Yet another failed KDE release?
1i5t5.duncan at cox.net
Fri Mar 22 17:59:35 GMT 2013
Kevin Krammer posted on Fri, 22 Mar 2013 12:53:01 +0100 as excerpted:
>> Honestly, why can't KDE SC support seamless update from previous major
>> release? Is it too much work to rewrite config files whose format has
> This is of course intended to happen, KDE software has had configuration
> and data modification tools for ages. My personal setup has been with me
> for over a decade now, rarely prompting me to reconfigure things.
FWIW, that's true here as well. I've been running the same kde config,
with /home copied over to new hardware (which on my workstation unlike my
netbook, I upgrade a piece at a time so there's never a new computer,
just a changed out drive, or max-change, a changed out cpu/mobo/memory/gpu
all at the same time, as all the buses and formats had changed so to
upgrade one I had to upgrade them all, but then it's the old hard drive
installed in the new machine) as appropriate, since kde 2.x in late 2001,
when I switched from MS to Linux.
Yes, that's the same base kde2 config now running kde4. Every once in
awhile, especially after the 2.x to 3.x upgrade and later the 3.x to 4.x
upgrade, a few months after the upgrade I go thru and check file times,
moving files to a backup location if the mtimes haven't bumped since the
update, to see if they get recreated and/or whether they're I lose any
And yes, there's specific files (the infamous plasma-desktop-appletsrc
being one of them) that I keep extra backups of and usually backup before
any major changes, as I've learned the hard way how difficult it can be
to find and edit out the bad bits on the more complex files if something
does go wrong.
And yes, when I hit a problem, I know how to use the bisect method to
narrow it down to a single config file if I have to (tho after doing it a
few times and figuring out the way kde organizes its config, I found I
could often pick the problem file purely by name, or at minimum, reduce
it to a handful of files right away, so the bisect is now often only 3ish
rounds max), and am used to doing just that, in kde config files or using
git to bisect a kernel bug, either way.
But it really is possible to use the same basic config that long, even
with heavy customizing, and I'm a case in point.
My problem isn't so much with that, it's with killing support for old
versions before the new versions are sufficiently stable replacements,
ESPECIALLY after promising support "as long as there are users!" That
triggered a drop of a lot of my former kde software choices with the bump
to kde4, when kde was insisting that kde4 was stable and that they
weren't supporting kde3 any longer, at the very SAME time they were
saying on bugs "Oh, that's not ported to kde4 yet." The story repeated
with the akonadification of kdepim; I honestly DID try the akonadified
kmail, but somewhere about the time it lost my 10th mail or so and I was
trying to figure out whether it got caught in akonadi somewhere or was
simply gone (after having to do much of the conversion manually in the
first place because the automated process failed), I asked myself why I
put up with it, why I couldn't just expect, AND HAVE, email that "just
worked", that devs didn't needlessly change something that was working
perfectly fine as it was, breaking it in the process. (Ironically, I
ended up on claws-mail, one of the "short list" of clients I had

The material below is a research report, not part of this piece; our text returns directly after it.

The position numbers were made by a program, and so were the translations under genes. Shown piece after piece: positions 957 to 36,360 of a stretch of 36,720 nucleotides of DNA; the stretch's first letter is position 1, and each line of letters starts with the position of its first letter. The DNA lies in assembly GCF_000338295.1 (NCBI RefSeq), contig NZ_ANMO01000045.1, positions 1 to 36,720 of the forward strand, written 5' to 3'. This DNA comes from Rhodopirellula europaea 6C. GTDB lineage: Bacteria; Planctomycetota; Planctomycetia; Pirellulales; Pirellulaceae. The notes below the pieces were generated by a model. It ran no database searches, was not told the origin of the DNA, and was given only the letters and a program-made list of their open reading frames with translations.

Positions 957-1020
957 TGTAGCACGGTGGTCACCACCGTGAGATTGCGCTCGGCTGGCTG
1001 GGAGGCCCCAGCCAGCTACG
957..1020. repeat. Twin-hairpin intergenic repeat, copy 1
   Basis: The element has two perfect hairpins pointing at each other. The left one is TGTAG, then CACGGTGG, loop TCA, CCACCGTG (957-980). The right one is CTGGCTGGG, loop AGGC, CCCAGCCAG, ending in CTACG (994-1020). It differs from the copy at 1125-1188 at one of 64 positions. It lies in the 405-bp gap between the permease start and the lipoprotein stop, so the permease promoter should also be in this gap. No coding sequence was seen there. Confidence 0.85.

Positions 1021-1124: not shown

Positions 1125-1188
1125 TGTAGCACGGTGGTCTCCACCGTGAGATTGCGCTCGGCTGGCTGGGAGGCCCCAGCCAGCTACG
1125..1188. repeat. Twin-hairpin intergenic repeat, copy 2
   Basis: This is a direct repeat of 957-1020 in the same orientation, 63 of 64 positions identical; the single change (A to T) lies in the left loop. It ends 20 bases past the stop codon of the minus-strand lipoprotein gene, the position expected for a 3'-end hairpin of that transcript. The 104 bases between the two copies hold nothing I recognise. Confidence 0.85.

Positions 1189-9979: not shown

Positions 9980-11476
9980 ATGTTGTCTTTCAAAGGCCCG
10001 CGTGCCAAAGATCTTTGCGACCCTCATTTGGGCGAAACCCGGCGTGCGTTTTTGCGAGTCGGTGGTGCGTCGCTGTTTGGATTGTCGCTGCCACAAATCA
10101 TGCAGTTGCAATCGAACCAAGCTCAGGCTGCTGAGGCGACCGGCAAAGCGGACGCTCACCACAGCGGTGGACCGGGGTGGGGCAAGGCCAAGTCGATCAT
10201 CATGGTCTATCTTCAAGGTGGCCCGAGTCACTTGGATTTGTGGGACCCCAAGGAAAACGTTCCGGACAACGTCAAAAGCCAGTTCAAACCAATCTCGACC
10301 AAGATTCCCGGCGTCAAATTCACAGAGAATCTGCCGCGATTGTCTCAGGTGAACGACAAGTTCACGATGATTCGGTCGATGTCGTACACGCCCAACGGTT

evaluated but eventually dropped for kmail, back when I originally
switched from MS and OE. It's still using the same mh-dir mail format it
was back in 2001... and it still works. Only unlike kmail, they didn't
drop a well working solution in a chase for utopia. Had I only chosen it
But, as I said earlier in the thread, that means I'm now running only the
core kde desktop, with nearly all of my "mission critical" apps now non-
kde and to the extent possible, with semantic-desktop not just disabled
at run-time, but without support for it even built at all. Which means I
don't have to worry about a broken kde killing my mail (for instance) any
more. Which means I'm now much freeer to run and /enjoy/ running the kde
And it also means if kde pulls the kde4 stunt again, since it's only the
core kde desktop and a few games I'm running now, it'll be MUCH easier to
drop it entirely, if I have to.
Fortunately, kde5 aka kde frameworks is supposed to be a much less
disruptive upgrade, and it's going much more modular as well, so it's
much less likely. But THIS time I'm prepared, should it happen. I won't
be caught not viably being able to switch, again.
Which is even more proof that kde's not going to drop the ball that way
again, because I'm actually prepared for it now, so of course it's not
going to happen. =;^]
Of course there's the possible upcoming xorg -> wayland switch to worry
about too. That could really upset the Linux desktop environment status
quo in all sorts of interesting ways and I think most of the leading DEs
realize that. But again, I'm much better prepared now, so regardless of
how it turns out or what DE and apps I end up running on wayland and what
kind of promises DEs and their devs make that they ultimately end up
dropping like yesterday's dead fish in a malfunctioning refrigerator, I
expect that switch to be far less personally disruptive than the kde3 ->
kde4 upgrade was. Which means to a certain extent I'll be able to sit
back and enjoy the ride instead of sweating it out so badly this time,
and I really am looking forward to that. =:^)
Duncan - List replies preferred. No HTML msgs.
"Every nonfree program has a lord, a master --
and if you use the program, he is your master." Richard Stallman
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